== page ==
Evidence of Medieval buildings have been found under a field.
An archaeological dig was held at St Mary’s Field in Gamlingay to check for items of historical interest before the area is turned into a cemetery.
The houses’ post holes were found under the demolition rubble of 17th to 19th century buildings. They are believed to date from 1350 to 1500 with some still standing in 1603, when a map was produced.
Project manager Stephen Macaulay from Cambridge based Oxford Archaeology East said: “We were very keen and happy for the local people to join in the dig and be shown what was going on and where suitable help out a bit.
“We found prehistoric stone tools and remains of actual Medieval buildings towards the north and west of the site, towards the church.
“They would have been wooden buildings with wattle and daub and thatched roofs.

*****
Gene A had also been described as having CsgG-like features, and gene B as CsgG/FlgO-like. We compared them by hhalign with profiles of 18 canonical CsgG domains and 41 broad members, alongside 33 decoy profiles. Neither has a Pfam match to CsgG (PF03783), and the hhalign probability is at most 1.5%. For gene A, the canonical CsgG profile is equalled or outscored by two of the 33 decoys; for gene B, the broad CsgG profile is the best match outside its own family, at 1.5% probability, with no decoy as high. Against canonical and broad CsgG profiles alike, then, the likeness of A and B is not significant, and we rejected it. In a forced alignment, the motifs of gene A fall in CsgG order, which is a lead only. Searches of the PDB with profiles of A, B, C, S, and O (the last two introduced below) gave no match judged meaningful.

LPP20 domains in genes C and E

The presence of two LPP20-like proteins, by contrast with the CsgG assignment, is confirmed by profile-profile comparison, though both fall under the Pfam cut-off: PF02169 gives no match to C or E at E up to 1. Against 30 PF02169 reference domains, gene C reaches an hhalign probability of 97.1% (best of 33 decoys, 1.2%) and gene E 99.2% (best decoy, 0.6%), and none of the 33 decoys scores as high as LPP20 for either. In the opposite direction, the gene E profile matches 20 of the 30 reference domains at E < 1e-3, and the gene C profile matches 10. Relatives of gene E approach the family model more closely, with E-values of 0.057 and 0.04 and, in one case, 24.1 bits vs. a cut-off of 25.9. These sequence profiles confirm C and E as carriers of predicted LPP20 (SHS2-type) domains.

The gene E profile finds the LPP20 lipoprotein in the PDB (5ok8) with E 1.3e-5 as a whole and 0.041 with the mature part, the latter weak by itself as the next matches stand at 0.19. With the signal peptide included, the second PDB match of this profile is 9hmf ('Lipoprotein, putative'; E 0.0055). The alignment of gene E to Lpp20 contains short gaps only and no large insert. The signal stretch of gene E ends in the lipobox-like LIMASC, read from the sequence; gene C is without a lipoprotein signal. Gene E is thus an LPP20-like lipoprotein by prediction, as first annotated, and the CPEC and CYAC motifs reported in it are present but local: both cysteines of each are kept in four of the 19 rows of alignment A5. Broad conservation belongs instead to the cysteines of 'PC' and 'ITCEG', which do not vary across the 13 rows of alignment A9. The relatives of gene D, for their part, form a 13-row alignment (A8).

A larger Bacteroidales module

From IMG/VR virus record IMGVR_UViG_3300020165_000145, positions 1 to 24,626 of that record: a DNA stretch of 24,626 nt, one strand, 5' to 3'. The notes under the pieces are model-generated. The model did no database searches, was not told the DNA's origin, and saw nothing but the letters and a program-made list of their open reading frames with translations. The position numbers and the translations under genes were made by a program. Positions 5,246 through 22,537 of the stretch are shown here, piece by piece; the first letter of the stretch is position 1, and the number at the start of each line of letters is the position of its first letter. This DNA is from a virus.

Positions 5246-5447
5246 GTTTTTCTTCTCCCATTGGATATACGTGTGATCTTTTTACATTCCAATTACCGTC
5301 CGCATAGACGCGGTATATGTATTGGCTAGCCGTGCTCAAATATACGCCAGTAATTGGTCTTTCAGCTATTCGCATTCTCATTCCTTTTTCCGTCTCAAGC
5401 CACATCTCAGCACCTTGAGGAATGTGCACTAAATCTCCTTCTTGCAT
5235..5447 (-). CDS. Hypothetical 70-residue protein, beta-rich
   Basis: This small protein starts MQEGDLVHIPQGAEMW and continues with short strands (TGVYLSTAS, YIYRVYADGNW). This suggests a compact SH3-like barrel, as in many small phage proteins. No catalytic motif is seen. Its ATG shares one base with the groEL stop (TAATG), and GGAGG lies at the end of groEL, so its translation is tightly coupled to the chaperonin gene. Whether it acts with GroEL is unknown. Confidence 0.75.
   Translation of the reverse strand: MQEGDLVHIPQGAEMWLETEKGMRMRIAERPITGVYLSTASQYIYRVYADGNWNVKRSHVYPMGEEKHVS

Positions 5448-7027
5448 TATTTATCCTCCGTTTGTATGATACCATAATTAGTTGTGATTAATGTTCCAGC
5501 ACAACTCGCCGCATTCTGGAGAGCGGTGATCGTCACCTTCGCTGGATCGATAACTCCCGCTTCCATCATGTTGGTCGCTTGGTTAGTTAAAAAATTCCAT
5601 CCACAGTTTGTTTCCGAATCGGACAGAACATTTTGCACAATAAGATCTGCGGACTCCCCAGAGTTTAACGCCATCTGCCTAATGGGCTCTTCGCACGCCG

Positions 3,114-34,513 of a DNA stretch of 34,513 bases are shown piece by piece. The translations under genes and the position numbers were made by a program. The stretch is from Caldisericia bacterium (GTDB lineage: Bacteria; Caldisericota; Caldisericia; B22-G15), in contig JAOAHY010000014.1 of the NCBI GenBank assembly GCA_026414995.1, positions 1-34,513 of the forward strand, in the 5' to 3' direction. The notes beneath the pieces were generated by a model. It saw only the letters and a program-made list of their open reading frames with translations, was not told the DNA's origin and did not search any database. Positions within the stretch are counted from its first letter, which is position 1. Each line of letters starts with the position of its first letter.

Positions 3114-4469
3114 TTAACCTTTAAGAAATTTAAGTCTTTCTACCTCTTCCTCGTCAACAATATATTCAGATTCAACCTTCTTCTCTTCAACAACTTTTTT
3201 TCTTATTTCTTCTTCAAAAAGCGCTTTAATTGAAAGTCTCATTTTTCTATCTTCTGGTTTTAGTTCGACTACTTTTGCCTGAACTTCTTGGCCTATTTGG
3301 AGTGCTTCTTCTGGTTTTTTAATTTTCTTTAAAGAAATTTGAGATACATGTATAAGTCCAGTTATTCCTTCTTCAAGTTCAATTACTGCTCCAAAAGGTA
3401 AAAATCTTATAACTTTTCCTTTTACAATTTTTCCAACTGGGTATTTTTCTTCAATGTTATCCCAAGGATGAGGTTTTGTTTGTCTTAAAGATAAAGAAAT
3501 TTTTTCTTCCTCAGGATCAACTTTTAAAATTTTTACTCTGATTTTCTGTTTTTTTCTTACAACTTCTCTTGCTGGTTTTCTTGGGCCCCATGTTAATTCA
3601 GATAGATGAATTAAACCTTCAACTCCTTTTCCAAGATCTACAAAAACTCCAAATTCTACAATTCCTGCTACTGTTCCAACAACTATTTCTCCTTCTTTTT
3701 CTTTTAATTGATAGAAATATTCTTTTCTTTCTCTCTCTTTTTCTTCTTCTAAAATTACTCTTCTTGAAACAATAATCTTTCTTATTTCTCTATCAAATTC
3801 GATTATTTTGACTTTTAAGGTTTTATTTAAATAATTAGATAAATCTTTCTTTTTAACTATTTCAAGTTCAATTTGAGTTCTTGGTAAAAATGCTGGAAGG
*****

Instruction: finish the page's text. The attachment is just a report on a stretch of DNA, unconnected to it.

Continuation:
“Everything’s rotted away leaving indentations.”
Five-year-old Hayden Leete from Sandy was thrilled to find a Bronze Age thumb scraper.
It would have been held in the fingers and used as a sharp edge to work on animal products such as leather. A stray find, it would not have originated on the site but it probably drifted down the brook from a nearby settlement.
Hayden’s mother, Hannah Leete, said: “Hayden was delighted by the discovery. He shared this news with his class along with some Medieval roof tile found at the dig as his topic this term is about buildings.
“He has been interested in archaeology for a few months now. He regularly plays at being an archaeologist in the garden and even his birthday party in July was themed around archaeology!
“Seeing the dig in action has fuelled his interest further. He’s very enthusiastic.”
The dig was run in conjunction with Jigsaw Cambridgeshire and Gamlingay Archaeology Group (GamArch) at the request of Gamlingay Parish Council. The findings will not affect the field’s future as a cemetery.